Moles are mammals of the Order Insectivora. They are not to be confused with rodents. The adults measure from 5 to 8 inches (13-20 cm) in length and have dark gray or brown fur.
Their feet, nose and tail are pink. The snout (or nose) of the mole is fleshy and serves as a touch organ. Their eyes are small, sometimes concealed by fur, and only light sensitive, allowing the mole to distinguish between light and dark. The front feet are broad and are equipped with well-developed claws for digging.
The eastern mole (Scalopus aquaticus), hairy-tailed mole (Parascalops breweri) and the star-nosed mole (Condylura cristata) are the most common species and. Range from the western Great Plains to the East Coast. The hairy-tailed mole is commonly found in woodland and mountain areas. The star- nosed mole is found in swampy areas and tunnels are deeper than the eastern mole. The eastern mole is the most common of the three and is often associated with lawn damage.
On the West Coast, the Townsends mole (Scapanus townsendii) occurs in Oregon and Washington, whereas the broad-footed mole (Scapanus latimanus) is a common species in California and western Nevada. The Gibb’s mole (Neuortrichus gibbsii), another West Coast species, is rare and so small that it is seldom encountered.
The primary food of most species is earthworms, however other arthropods and insect larvae found in the soil are readily eaten. However, some plant material, such as roots and bulbs, may also be consumed as they tunnel through the soil. The amount will vary with the species encountered. The eastern mole will damage bulbs and roots usually while feeding on grubs and worms. The western varieties have been known to include plant material in their diet. However, it is generally agreed that damage to planting is due to tunneling activity rather than preferences for certain roots or plants. Their appetite seems almost insatiable, since they usually eat more than their weight in a single day. This food requirement is necessary due to their extremely active life.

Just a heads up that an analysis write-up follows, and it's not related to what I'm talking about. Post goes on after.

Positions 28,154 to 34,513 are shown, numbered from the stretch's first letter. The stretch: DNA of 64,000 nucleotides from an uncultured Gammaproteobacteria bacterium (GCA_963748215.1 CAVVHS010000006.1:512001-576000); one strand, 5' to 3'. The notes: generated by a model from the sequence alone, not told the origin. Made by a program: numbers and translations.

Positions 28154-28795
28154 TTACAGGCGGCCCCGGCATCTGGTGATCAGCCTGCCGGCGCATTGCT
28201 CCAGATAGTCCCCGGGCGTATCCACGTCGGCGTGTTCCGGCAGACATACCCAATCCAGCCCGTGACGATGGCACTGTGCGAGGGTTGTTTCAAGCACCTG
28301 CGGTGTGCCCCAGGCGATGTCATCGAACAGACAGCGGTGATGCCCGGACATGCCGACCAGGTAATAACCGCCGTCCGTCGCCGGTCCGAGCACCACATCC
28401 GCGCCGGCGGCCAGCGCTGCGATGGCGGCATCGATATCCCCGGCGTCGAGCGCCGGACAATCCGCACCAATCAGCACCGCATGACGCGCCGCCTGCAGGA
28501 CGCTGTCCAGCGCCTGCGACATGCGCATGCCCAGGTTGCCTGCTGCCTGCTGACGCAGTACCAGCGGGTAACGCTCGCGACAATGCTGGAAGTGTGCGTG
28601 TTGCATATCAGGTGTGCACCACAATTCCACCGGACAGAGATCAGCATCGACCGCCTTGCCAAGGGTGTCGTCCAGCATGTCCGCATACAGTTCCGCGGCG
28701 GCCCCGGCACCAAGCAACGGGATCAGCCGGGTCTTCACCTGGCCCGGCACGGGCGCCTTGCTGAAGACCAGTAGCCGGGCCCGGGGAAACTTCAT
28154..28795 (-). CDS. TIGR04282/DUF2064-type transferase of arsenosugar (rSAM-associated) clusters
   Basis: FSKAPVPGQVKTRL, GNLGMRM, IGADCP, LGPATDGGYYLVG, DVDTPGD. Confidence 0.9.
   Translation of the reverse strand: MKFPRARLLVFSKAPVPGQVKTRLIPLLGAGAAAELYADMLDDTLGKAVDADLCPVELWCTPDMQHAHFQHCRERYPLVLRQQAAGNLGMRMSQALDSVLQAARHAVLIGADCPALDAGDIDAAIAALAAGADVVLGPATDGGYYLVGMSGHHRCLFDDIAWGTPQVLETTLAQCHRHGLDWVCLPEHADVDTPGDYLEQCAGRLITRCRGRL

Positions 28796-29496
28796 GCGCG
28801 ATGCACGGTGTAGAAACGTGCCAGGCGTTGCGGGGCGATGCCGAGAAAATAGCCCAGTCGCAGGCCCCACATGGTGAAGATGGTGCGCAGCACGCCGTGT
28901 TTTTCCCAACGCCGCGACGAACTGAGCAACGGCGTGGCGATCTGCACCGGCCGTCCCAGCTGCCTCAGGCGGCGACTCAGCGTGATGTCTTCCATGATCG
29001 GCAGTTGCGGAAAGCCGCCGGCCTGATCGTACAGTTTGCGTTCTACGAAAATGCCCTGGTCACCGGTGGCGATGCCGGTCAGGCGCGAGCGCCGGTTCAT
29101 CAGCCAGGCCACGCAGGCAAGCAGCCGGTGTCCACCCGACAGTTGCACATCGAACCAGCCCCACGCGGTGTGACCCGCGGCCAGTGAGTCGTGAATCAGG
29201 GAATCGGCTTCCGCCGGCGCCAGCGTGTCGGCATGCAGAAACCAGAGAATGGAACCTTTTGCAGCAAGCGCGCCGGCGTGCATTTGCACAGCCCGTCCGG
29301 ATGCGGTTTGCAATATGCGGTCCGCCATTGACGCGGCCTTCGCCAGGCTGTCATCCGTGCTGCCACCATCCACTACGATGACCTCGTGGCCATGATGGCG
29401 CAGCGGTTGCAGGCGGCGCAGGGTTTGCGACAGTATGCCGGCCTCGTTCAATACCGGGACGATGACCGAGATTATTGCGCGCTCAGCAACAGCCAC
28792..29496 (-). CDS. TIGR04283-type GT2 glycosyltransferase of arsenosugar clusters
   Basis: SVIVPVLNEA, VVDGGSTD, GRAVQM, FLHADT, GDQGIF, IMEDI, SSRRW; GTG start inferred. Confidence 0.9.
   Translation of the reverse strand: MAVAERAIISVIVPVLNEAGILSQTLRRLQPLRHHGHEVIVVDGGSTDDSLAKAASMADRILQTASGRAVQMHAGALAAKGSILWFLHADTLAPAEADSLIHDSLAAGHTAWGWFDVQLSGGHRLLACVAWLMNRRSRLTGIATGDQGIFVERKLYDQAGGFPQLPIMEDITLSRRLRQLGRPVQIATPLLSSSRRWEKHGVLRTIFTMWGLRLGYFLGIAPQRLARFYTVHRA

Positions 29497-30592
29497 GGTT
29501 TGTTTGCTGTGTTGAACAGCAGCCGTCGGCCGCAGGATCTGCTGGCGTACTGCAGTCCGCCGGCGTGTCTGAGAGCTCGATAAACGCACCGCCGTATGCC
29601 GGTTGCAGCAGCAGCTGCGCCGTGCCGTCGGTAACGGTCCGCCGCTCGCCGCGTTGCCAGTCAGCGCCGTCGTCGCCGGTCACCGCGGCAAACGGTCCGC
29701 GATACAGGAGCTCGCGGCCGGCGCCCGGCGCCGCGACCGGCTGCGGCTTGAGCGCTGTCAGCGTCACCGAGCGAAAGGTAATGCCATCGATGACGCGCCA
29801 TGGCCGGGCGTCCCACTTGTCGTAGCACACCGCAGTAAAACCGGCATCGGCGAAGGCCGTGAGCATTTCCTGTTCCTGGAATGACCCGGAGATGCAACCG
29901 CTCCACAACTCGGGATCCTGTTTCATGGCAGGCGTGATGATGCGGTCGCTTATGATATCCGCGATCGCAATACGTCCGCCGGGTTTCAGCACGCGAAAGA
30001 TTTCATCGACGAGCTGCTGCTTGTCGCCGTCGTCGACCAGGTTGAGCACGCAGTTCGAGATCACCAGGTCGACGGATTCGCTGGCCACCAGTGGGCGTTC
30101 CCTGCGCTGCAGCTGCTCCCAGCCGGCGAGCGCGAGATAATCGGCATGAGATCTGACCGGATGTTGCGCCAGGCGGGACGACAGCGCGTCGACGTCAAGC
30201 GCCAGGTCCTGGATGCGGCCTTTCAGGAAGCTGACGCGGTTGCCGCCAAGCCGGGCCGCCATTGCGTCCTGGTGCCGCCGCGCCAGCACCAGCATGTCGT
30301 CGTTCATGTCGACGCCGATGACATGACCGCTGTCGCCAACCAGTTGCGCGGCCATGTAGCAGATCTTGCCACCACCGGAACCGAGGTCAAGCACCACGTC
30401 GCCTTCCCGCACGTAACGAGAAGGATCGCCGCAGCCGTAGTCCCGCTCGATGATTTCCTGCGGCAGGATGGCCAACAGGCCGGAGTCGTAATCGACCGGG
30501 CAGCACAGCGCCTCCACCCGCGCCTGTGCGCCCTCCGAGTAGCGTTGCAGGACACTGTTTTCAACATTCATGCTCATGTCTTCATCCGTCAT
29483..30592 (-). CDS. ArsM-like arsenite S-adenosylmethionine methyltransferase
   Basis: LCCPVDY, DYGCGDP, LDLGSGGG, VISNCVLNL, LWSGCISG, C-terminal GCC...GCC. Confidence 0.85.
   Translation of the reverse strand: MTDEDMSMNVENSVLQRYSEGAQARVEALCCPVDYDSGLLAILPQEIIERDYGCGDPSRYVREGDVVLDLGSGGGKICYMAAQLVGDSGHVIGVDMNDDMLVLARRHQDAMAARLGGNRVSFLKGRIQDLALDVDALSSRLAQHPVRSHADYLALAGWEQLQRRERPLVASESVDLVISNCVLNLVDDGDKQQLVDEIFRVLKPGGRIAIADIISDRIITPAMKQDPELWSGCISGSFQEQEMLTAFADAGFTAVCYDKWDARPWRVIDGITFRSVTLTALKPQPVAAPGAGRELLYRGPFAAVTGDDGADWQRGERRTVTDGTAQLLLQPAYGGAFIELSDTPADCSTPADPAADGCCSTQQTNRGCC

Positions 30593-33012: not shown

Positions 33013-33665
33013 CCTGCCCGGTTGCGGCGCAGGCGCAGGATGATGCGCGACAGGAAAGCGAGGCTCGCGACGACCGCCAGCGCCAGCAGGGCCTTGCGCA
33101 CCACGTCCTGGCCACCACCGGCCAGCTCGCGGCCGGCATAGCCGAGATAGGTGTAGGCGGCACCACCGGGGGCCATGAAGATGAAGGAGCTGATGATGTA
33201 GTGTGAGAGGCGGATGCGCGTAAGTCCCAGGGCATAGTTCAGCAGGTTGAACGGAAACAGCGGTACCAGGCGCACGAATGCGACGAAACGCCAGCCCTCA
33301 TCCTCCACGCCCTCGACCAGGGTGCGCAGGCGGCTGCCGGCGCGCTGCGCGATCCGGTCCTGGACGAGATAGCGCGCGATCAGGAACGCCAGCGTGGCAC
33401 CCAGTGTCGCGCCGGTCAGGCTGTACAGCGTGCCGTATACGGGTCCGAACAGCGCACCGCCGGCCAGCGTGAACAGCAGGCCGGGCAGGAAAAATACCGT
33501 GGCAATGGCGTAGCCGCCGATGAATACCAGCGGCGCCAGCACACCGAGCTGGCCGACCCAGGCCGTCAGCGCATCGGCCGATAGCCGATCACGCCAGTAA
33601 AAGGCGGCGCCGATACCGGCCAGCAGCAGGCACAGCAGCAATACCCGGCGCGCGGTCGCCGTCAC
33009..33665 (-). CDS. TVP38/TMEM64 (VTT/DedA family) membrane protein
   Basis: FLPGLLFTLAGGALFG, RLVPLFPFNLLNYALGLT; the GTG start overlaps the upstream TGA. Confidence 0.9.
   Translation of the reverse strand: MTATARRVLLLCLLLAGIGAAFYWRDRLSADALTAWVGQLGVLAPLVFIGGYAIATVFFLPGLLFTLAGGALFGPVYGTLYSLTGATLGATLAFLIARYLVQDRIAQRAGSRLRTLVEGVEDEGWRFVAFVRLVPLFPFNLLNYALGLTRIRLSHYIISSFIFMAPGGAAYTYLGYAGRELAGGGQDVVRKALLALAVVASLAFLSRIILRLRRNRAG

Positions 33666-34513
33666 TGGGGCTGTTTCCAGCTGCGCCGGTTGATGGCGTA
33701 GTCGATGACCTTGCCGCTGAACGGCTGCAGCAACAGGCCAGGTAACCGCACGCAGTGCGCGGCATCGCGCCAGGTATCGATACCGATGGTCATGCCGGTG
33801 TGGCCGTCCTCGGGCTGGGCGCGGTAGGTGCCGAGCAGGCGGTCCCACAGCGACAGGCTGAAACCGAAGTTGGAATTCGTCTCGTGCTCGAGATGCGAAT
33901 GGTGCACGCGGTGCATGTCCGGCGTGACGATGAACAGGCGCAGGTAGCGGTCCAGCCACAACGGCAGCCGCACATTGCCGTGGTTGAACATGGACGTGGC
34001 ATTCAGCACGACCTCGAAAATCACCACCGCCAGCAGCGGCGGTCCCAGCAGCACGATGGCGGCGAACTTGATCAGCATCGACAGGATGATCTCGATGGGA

Moles build an extensive complex of tunnels varying in depth. Tunnels close to the surface may be visible while the deep tunnels remain concealed. Shallow tunnels that appear as raised ridges are usually mole feeding tunnels. These tunnels are generally used a few times and then abandoned. Surface activity occurs most consistently in the spring and fall of the year. Deep tunnels are used as living quarters where they retreat from cold, drought, heat and other adverse conditions. They also use the deep tunnels for rearing their young.
A mole hill is built of dirt pushed up from these deep tunnels. The number of surface ridges or dirt mounds is not indicative of the number of moles present. Depending on the species of mole, the deep tunnel may be from 6 to 24 inches (15-61 cm) below the surface. Moles are very active tunnelers and can tunnel at a rate of 12 to 15 feet (3.7-4.6 m) per hour. In favorable areas shallow tunnels can be generated at a rate of a foot per minute. Moles can be active at any time, day or night, and depending on geographic location, all year long. Most calls the PCO receives are due to the tunneling activity of the mole. The mole very seldom appears above the ground; if it does, it is usually at night during spring dispersal.
Moles usually do not share their tunnels with other moles, although some species, such as the star- nosed mole and hairy-tailed mole, will tolerate moles of the same species. Tunnels may be invaded by other animals, most notably shrews, voles, mice, rats or pocket gophers. When this happens, moles sometimes get blamed for injury to plant roots, tubers or seeds. The PCO should be familiar with typical rodent damage (teeth marks). Because of the mole’s type of teeth they do not gnaw and very seldom chew through a root or bulb.
Although trapping is the most effective method of control for moles, it requires time, patience, and knowledge of the mole’s habits to be successful. There are three types of traps. The harpoon is successful in some areas of the country, while the scissor trap is preferred in other areas. The choker trap is not as well known, but may also be effective.
Successful trapping is most likely to occur in spring and fall when moles are active within surface runs. Portions of these tunnels must be caved in and then observed the next day to see if any have been reopened. Another technique is to poke small holes in surface nuns and observe the next day; place traps in those locations which have been repaired.